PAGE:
Sidney F. Huttner suggested a method with similar attachment. The lid is still attached at the time of covering the tray, but with a much narrower strip of cloth. A second piece of material covers the outside of the lid, with turn-ins at the three remaining sides. For this model, I covered the inside with separate pieces of cloth for the interior hinge, interior of the lid, and floor of the tray.
This covering technique can be accomplished very quickly and makes use of smaller pieces of material, creating less waste. The slight bump of cloth on the exterior of the tray (far right image) is not as attractive, but could be mitigated with in-filling.
The boxing manual from the Library of Congress includes a description of a clamshell box with a “hinged shelf” (Brown, Etherington, & Ogden, 1982). This shelf was intended to separate and hold two items in the interior of the box; for example, a book and a set of plates. I discovered that the design could be easily adapted to function as a pressure lid.
The inner tray of the enclosure is constructed and covered in the usual way, with an additional covered board thickness added to the width of the tray dimensions. The flap is constructed separately, using two pieces of board. The thinner board of the flap is then glued to the interior fore edge of the tray.
This method uses a little more material and can be a little tricky to securely attach. During the gluing process, I stood the tray up on the fore edge inside a book press with the flap in place. Wooden blocks were then stacked inside the tray until they cleared the spine edge. The press was then tightened down onto the wooden blocks.
The final method of covering was suggested by Scott Kellar. For this method, the pressure lid actually sits on top of the walls of the tray. The tray is covered as usual, but the flap of cloth which usually covers the interior of the fore edge wall of the tray is sliced off at the top of the wall. The pressure lid is covered with an extended piece of cloth at what will be the fore edge and the remaining three sides are turned in. A spacer of thin material (20pt Bristol board) is placed between the flap and the tray while the extended cloth is glued around the fore edge of the tray and turned in underneath. When dry, a strip of material is added to the interior joint. In this model, it would appear that the interior fore edge wall and floor of the tray are covered separately. The lovely cut away model pictured below was kindly made and sent to me by Karen Hanmer.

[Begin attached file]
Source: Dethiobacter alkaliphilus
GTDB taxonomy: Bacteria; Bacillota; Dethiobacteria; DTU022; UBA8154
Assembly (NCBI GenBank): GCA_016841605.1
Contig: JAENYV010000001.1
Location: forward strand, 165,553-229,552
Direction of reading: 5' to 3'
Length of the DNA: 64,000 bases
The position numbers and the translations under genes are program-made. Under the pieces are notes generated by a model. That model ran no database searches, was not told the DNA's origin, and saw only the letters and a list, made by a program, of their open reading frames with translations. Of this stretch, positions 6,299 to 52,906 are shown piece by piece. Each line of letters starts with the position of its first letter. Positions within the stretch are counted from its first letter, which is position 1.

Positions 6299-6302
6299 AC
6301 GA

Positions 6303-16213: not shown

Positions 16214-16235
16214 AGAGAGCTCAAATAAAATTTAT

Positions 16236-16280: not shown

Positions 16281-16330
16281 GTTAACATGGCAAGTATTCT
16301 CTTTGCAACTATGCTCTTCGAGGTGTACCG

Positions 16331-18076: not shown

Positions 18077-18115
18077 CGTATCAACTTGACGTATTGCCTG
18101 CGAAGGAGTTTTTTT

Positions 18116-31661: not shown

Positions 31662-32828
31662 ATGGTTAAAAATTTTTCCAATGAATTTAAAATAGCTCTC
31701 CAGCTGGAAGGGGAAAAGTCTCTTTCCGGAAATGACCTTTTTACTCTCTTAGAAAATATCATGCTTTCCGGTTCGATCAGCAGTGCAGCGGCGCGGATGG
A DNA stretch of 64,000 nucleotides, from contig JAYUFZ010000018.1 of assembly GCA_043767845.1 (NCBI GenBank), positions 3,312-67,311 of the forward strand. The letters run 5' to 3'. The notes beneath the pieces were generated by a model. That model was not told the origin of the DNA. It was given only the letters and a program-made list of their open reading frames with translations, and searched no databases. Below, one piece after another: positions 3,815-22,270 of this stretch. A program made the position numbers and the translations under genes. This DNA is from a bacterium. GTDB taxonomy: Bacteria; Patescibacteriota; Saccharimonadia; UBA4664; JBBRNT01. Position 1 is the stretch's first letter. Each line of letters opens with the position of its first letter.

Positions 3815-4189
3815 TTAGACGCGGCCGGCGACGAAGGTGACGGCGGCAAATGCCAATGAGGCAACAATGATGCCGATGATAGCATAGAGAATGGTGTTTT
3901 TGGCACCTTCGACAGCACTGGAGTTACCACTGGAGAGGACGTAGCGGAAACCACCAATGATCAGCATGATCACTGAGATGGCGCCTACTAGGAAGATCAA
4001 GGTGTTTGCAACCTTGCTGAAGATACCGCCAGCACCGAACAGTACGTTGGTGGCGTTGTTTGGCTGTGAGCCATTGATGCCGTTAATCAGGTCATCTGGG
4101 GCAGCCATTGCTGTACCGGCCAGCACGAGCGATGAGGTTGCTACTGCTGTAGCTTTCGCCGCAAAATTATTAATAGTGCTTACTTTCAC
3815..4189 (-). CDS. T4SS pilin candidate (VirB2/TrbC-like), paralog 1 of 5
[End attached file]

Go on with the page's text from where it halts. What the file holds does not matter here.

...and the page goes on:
I find that it is always nice to have options when constructing an enclosure and the different elements of these methods can be adapted or recombined in many different ways. I would like to thank everyone who answered my inquiries about their covering methods, and I hope that these descriptions and images are of some use to those attempting the pressure lid box for the first time.
Brown, M., Etherington, D., & Ogden, L. (1982). Boxes for the protection of rare books. Washington, D.C.: Library of Congress.
Cains, A. G. (1996). Roger Powell’s innovation in book conservation: The early Irish manuscripts repaired and bound, 1953-1981. In R. Powell & J. Sharpe (Ed.). Roger Powell, the compleat binder (pp. 80-85). Turnhout: Brepols.
Clarkson, C. (1982). Limp vellum binding and its potential as a conservation type structure for the rebinding of early printed books. Hitchin, Herts., England: Red Gull Press.
Foot, M. M., Blacker, C. & Poole-Wilson, N. (2004). Collector, dealer, and forger: A fragment of nineteenth century binding history. In M. M. Foot (Ed.) Eloquent witnesses (pp. 264-281). London: Bibliographical Society.
Pignatti, G. (2012). Boxes for the housing and protection of books: Observations on their history and development. E-conservation: the online magazine, 23.
With the incredible diversity of Duke’s collections, you never know what will come through the conservation lab. For example, some of my recent treatments included a 17th century printed bookand a photograph album from the early 1990s. Despite the differences in format, materials, and subject matter between these two items, one common thread persists: big hair never goes out of style.
By Rachel Penniman, Senior Conservation Technician
In my last blog post I showed the design process for creating caps for rolled storage tubes. After going through multiple versions of potential designs I had found a model that used a minimal amount of material and still created an effective cap. Unfortunately I had also discovered the woes of trying to cut perfect circles by hand.
Initially I looked into getting a circular mat cutter but even with that specialized tool, it still looked tricky to use and time consuming.